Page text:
Cellular routers are gaining attention as a solution for mobile work teams or emergency crews that need access to the Internet but have no permanent base. Another common use for these 3G/Wi-Fi routers is in commuter vehicles, such as trains or company buses, but if you're just hankering to be online with a few friends in the park, this could be a good, if expensive, solution. As with the Junxion Box and the Kyocera KR1 router, the 3G Phoebus is a Wi-Fi router that uses the cellular data network for a back-end broadband connection. Like the Junxion Box, the 3G Phoebus uses data PC cards, whereas the KR1 router can access the network via data PC card or an EV-DO-enabled phone, which could mean one less product for you to purchase if you already have an EV-DO phone with a data plan.
Right out of the box, the 3G Phoebus is eye-catching. In a departure from the standard boxy router, the 3G Phoebus is a small, glossy-black pyramid (it also comes in silver and white, though only the black model is available in the United States). Each side of the base is 8 inches wide and the unit stands about 6 inches tall. While aesthetically attractive, it's not practically designed: for mobile teams, space is at a premium, and this oddly shaped router could be difficult to pack in with other gear. Also, the pyramid shape precludes stacking other gear (such as switches or hubs) on top, though it can sit steadily atop other equipment on its four rubber feet.
The front of the pyramid has a silver power button and four LEDs (power, 3G network activity, Wi-Fi activity, and Ethernet). The two sides have vents near the base, while the back of the unit houses the PC Card slot, a single Ethernet port, a serial port, and a power port. The box is very lightweight, almost to the point of feeling chintzy. We'd advise against placing the 3G Phoebus on the floor; a solid kick is likely to crack the case.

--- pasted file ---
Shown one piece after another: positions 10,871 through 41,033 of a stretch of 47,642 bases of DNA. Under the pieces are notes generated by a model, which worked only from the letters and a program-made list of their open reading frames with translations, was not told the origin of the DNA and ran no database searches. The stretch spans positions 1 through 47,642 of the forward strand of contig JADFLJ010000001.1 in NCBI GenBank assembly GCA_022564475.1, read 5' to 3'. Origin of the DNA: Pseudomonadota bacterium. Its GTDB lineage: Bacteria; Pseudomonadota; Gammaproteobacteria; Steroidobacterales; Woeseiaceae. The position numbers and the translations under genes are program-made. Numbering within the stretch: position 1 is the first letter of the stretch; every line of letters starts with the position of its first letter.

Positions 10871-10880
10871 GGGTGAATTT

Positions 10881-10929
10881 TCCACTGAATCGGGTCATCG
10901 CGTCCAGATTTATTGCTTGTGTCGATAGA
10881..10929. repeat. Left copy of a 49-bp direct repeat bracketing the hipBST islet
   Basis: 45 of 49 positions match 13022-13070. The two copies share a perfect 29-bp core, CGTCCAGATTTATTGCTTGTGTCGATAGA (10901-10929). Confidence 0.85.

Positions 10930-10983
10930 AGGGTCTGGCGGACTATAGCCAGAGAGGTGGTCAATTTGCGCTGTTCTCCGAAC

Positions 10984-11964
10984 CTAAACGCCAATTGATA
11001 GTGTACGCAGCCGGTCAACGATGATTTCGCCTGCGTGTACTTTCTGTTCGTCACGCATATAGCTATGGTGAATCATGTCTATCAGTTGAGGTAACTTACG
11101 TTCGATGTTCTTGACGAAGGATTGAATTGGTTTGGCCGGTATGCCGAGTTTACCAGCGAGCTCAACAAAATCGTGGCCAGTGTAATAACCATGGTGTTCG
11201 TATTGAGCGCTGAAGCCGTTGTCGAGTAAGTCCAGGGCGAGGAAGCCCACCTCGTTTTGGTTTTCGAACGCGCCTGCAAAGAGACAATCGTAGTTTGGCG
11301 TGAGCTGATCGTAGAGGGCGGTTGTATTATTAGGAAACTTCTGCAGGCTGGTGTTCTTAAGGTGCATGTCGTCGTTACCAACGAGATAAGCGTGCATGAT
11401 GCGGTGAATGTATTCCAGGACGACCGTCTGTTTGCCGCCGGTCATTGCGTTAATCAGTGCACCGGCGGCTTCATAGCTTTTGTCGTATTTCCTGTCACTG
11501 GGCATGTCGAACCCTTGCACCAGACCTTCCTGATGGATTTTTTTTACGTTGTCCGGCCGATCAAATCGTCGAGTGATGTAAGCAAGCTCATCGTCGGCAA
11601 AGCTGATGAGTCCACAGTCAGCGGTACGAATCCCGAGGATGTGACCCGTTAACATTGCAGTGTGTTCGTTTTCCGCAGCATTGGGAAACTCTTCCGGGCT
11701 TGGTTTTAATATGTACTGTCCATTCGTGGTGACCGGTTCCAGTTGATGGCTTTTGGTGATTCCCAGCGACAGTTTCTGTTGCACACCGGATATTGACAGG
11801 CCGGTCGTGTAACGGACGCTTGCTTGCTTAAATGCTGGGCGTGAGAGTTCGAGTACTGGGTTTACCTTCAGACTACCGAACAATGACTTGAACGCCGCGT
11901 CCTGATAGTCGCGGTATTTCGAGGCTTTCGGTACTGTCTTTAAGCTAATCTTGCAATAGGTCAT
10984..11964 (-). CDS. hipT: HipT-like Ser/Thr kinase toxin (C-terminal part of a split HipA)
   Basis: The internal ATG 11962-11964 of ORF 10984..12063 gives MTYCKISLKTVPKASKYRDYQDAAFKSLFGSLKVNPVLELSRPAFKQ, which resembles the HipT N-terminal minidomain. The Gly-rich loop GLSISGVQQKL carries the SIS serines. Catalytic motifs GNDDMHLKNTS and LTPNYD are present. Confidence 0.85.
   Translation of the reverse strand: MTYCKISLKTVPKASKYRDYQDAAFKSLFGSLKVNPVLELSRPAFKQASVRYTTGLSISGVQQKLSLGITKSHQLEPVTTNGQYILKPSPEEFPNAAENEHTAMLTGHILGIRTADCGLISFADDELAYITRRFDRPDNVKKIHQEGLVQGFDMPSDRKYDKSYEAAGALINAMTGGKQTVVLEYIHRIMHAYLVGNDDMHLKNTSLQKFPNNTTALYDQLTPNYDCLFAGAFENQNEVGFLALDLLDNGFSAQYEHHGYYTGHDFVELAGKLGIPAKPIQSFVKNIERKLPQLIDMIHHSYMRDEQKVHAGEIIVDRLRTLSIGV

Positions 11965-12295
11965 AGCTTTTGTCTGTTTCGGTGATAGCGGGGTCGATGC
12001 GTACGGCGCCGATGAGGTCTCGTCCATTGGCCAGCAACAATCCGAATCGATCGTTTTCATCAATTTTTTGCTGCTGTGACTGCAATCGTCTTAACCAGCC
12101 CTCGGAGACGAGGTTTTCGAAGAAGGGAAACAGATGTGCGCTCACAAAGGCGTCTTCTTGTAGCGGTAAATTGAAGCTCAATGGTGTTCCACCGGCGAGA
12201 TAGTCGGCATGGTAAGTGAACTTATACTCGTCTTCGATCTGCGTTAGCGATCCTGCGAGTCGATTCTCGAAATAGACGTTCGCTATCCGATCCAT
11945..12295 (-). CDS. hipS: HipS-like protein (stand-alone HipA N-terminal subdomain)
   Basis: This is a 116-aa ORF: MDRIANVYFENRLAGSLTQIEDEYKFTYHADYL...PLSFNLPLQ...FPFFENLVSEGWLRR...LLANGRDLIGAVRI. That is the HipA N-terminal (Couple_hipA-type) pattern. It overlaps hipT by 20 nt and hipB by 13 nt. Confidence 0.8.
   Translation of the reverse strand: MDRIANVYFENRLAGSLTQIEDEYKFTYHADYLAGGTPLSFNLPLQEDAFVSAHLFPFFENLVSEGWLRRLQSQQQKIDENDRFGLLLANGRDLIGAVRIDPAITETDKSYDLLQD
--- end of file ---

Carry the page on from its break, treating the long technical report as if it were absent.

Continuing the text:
The 3G Phoebus works with all the major 3G networks, including EDGE, UMTS, and EV-DO and supports a variety of cards from Verizon, Sprint, Alltel and AT&T/Cingular. (You can find the list of supported networks and cards here.) You'll have to check with the various network providers to see if your geographic area is covered by one of these high-speed data networks. We did our test run with the Novatel V620 from Verizon.
Setting up the 3G Phoebus was a snap: insert the PC Card and power up the router. According to the included installation guide, the network name should be the same as the serial number on the router's box. Almost: the serial number was MA16SG110989 and the network was called topglobal110989--close enough. You can also wire a single PC via the Ethernet connection or connect a switch/hub for multiple hardwired connections.
Once you've established the connection (which we did through the Windows XP network connection window), you can point your browser to the provided IP address to access the Web-based configuration tool. The tool is well designed and simple to use. Here, you can establish your security settings, which include WPA, WEP, an SPI firewall, MAC address filtering, and a VPN pass-through. Unlike the Junxion Box, the 3G Phoebus supports 802.11g clients, so the performance should be faster. In CNET Labs' throughput test, though, the 3G Phoebus showed only middling throughput speeds: 11.9Mbps at 10 feet and 7.98Mbps at 210 feet. While those speeds are slow compared to those of dedicated Wi-Fi routers, they should be sufficient for most users for basic productivity tasks. In our anecdotal tests, Web pages loaded a little slower over the 3G Phoebus's Wi-Fi than over our standard home Wi-Fi network. The lag was noticeable, but not annoying.
Top Global backs the 3G Phoebus with a one-year warranty. Free, toll-free phone support is available Monday through Friday, from 8 a.m. to 5 p.m. Online support includes a tech support e-mail link (Top Global says you should get a response within 12 hours), plus there are firmware downloads and a user forum.